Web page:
Octillion Nanoparticles Boost Solar Cell Power Performance

August 20, 2007 by Jeff Shepard

Octillion Corp. announced that a published research study has demonstrated, among other achievements, that the same silicon nanoparticles used in development of what the company claims is its first-of-its-kind transparent glass window capable of generating electricity, are able to drastically increase the power performance of conventional silicon solar cells.

In experiments where silicon nanoparticles were applied on top of solar cells, researchers observed large voltage enhancements with dramatic increases in power ranging from as much as 60-70% in the ultraviolet-blue (UV) range, and further reported a significant boost in power by as much as 10% in the visible light range – a major accomplishment.

"The exceptional power performance of these silicon nanoparticles is a substantial achievement, and is especially significant since our use of these same nanoparticles is key to the development of Octillion’s transparent glass windows capable of generating electricity, an innovation that I believe can potentially reduce the harmful environmental impact associated with traditional electrical power generation," explained Harmel S. Rayat, President and CEO of Octillion Corp.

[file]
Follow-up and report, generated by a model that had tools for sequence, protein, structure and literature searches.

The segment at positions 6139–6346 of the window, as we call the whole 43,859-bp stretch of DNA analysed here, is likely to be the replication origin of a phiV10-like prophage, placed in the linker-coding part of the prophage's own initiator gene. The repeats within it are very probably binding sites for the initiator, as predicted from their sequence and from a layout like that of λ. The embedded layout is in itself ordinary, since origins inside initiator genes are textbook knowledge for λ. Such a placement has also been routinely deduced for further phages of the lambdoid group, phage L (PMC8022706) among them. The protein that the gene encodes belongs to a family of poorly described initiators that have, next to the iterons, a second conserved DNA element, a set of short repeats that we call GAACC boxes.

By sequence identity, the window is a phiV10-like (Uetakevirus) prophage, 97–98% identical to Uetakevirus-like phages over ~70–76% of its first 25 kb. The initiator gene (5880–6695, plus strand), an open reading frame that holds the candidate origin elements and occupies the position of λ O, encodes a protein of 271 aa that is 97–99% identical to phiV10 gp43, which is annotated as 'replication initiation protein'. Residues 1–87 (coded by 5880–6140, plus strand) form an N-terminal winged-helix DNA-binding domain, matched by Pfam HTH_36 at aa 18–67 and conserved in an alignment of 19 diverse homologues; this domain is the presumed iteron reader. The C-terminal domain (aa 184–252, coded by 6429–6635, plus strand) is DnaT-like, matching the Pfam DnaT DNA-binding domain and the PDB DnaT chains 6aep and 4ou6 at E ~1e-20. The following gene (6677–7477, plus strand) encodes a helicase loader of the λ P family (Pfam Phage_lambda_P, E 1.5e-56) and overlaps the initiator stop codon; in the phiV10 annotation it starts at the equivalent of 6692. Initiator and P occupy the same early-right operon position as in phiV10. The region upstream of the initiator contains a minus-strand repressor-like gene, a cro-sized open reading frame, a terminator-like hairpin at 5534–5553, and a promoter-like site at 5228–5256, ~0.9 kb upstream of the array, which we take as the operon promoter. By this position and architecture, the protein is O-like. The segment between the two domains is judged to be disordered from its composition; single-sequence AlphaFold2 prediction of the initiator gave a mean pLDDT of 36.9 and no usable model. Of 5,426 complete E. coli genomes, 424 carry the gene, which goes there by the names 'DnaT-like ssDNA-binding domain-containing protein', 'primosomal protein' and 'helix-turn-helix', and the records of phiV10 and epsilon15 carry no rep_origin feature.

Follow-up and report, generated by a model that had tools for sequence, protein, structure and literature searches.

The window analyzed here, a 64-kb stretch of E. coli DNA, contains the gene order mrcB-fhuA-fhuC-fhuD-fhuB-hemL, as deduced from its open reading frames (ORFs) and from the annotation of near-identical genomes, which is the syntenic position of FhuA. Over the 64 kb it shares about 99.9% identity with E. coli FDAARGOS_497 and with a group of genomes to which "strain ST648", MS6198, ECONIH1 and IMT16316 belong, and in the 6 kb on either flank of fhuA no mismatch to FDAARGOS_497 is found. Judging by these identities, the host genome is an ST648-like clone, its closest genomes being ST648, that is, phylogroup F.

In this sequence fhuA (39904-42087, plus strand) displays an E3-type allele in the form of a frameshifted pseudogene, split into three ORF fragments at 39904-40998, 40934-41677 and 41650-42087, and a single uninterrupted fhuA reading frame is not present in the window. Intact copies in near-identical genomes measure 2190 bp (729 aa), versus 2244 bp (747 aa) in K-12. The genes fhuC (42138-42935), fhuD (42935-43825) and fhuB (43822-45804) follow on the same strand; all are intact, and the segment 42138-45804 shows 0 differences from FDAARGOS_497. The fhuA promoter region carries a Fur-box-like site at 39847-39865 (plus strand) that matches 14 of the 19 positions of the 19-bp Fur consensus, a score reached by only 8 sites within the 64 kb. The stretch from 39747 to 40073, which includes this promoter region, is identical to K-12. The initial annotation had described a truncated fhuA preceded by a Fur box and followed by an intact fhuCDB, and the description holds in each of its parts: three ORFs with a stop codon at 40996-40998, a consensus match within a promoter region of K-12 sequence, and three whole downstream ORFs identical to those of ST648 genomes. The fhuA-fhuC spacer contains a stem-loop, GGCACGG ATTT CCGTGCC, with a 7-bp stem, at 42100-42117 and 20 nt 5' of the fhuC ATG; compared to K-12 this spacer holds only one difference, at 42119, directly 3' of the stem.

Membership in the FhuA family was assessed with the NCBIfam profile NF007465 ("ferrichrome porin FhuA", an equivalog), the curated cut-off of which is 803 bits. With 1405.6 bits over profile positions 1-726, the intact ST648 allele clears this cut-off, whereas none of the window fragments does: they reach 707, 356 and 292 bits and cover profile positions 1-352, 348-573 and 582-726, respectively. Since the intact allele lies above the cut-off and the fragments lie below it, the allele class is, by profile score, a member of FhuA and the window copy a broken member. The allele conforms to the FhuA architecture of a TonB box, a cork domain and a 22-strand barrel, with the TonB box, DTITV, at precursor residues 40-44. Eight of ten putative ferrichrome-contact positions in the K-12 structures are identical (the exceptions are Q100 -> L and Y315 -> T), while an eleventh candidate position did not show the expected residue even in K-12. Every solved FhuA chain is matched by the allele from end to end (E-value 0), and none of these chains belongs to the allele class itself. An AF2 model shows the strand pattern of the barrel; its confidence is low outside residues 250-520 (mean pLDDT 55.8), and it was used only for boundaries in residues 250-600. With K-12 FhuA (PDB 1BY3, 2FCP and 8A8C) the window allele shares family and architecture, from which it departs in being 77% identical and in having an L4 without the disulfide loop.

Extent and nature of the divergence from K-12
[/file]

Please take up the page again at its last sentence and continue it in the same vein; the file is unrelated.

Rayat continued, "Of particular note, the nanoparticle layers used in these experiments not only increased power performance of the conventional solar cell, but importantly, these nanoparticles were able to successfully convert the same UV components that typically cause damage and create wasteful heat, into useful electrical energy. This process not only increases power, but it also serves to reduce UV damage to the solar cell, thus helping increase its lifespan. Above all, the nanoparticles in these studies were in the same size ranges used for our window technology, and were layered to create a transparent film, similar to the desired transparency we aim to achieve with Octillion’s NanoPower Windows."

In key experiments, researchers integrated ultrathin films of silicon nanoparticles of 1 and 3nm in diameter directly onto conventional polycrystalline solar cells (BP Solarex Si cells), forming a transparent layer of silicon nanoparticles; the same transparent nanoparticles used in Octillion’s window technology.

Researchers published their findings in the August 6, 2007 edition of the American Institute of Physics’ refereed Applied Physics Letters, which is claimed to be renowned as the premier source for publication of discoveries in physics phenomena for more than 40 years.